That headline hurts me to write. As we re-open our workplaces and people start to try some days back in the office, interest in electric scooters has never been higher. For months, people in towns and cities around Ireland have seen more and more electric scooters on our roads. This is despite them being illegal to use on public property without insurance. Government inaction has led to this point where there are very real consequences should Gardaí decide to pull you over when using an electric scooter.
Electric Scooters Are Illegal To Use In Ireland
This section of this article is straight forward. For a long time I believed there was a grey area, but there’s not. It is illegal to use an electric scooter in Ireland, unless you are on private land. That means, as soon as you ride in a bike lane or on the road, you’re breaking the law.
The reason for this is that Irish law has never been updated for this category of vehicle. So we’ve been left trying to find where electric scooters fit. Unfortunately, they are classifed as Mechanically Propelled Vehicles. It doesn’t matter it they request some human force to get them moving, they are an MPV. In Ireland, MPVs must pay motor tax and insurance. I’ve tried to get both of these for my electric scooter but it’s just not possible.
The conclusion is that electric scooters are effectively illegal to use in Ireland for commuting.
Why Are So Many People Using Electric Scooters?
Despite their illegality, you’ll have noticed that electric scooters are everywhere. Even smaller towns have started to bare witness to them zipping up the road. I was in Ennis recently and saw someone getting from A to B using one.
It’s no surprise they are popular as they can both be an alternative to public transport, saving money and reducing exposure during a pandemic, and compliment public transport. This is called last mile commuting where Ireland’s generally poor public transport systems don’t really link up or bring you to where you need to be.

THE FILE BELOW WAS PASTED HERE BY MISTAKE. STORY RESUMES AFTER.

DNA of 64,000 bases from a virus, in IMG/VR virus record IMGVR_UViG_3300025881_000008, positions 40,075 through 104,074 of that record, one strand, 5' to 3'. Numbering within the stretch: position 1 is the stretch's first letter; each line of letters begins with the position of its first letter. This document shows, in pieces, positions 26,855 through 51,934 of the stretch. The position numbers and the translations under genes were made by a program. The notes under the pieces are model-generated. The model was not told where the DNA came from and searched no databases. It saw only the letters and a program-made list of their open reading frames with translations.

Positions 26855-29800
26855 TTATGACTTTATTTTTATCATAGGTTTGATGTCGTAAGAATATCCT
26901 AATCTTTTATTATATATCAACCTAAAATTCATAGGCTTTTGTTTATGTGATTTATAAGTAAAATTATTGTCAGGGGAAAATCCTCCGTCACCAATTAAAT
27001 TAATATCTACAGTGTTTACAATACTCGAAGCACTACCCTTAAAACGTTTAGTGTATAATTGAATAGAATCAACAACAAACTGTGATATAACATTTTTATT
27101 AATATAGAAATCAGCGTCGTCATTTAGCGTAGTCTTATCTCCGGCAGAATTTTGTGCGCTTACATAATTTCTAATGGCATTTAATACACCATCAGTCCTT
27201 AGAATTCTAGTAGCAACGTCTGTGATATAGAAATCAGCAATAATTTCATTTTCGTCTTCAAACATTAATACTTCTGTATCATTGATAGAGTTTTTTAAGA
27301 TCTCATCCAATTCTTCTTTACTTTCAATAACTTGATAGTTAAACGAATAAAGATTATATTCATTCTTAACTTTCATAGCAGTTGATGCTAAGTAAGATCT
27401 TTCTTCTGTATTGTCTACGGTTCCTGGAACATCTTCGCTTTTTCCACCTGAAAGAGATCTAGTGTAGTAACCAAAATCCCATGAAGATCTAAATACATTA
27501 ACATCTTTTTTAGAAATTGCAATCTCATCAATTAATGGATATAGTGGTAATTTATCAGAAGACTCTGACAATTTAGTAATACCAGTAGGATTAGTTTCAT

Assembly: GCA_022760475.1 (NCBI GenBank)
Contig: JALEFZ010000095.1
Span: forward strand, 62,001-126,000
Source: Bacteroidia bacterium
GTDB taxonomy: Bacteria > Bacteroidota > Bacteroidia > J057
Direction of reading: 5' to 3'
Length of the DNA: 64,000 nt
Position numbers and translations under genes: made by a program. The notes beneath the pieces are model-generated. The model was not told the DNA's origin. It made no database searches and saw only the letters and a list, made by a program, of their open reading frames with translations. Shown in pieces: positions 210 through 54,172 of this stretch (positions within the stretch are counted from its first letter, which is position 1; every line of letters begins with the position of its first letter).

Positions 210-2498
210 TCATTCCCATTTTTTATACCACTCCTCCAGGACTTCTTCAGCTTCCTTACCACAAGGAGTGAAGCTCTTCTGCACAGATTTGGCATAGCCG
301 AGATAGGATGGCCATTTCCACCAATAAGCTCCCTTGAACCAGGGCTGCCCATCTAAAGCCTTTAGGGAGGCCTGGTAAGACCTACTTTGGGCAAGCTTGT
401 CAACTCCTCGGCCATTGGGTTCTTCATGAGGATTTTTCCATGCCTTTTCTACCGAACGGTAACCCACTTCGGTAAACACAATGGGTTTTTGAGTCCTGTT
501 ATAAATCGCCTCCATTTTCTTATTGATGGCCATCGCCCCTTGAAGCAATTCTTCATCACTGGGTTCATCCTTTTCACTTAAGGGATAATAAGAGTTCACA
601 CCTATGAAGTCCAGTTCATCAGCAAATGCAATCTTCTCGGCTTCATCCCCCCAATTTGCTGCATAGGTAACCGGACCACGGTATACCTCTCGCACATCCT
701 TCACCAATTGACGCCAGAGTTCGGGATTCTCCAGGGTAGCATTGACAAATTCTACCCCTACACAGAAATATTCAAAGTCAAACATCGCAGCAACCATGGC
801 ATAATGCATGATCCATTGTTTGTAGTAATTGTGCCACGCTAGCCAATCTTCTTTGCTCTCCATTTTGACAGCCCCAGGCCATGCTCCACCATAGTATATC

Ireland has just progressed with our latest set of restriction lifts which sees people testing out going back to the office. Public transport has returned to 100% capacity a few weeks ago to support the additional movement, but we can all agree the last place you want to be is a packed bus. Cycling and electric scooters offer a great alternative, the latter being particularly attractive if you don’t have showering facilities at your office.
What Can Happen If Gardaí Stop You Riding An Electric Scooter?
The ramifications for riding an electric scooter can be serious. While they seem like a simply joyful way to navigate your commute, should Gardaí decide to abandon discretion you can be landed in serious trouble. I was stopped on my scooter early last year and was let go with a warning. I haven’t used mine since but have heard plenty of cases where people have been stopped and not been so lucky.
One case resulted in an electric scooter rider ending up in court and losing their license. Fortunately, the case was overturned on appeal but this isn’t an isolated incident. From fines to penalty points there’s a range of punishments you could face for riding an electric scooter in a public place. Simply put, Irish law doesn’t differenciate between a car and an electric scooter. Both are MPVs so you are liable to be punished for using an electric scooter as if you were driving a car without tax and insurance.
When Will Electric Scooters Be Legal In Ireland?
I’ve been saying it’s just around the corner for years. But the Irish government moves at a snail pace on things like this. There are a large number of scooter share systems lobbying the government too. Whether this is having a positive or negative impact is hard to tell.
There are on-campus scooter trials taking place in DCU at the moment but it doesn’t feel like this is really anything to do with government legislation, despite politicians loving turning up for photoshoots.
The Best Electric Scooter For Commuting
And that’s why I wrote the headline. The best electric scooter for commuting is no electric scooter. Get a bike or maybe even an ebike. Ebikes still operate in a bit of a grey area themselves but I don’t believe they’ve caused any hassle at all. Personally, I just use Dublin Bikes now. The exercise is a plus, right?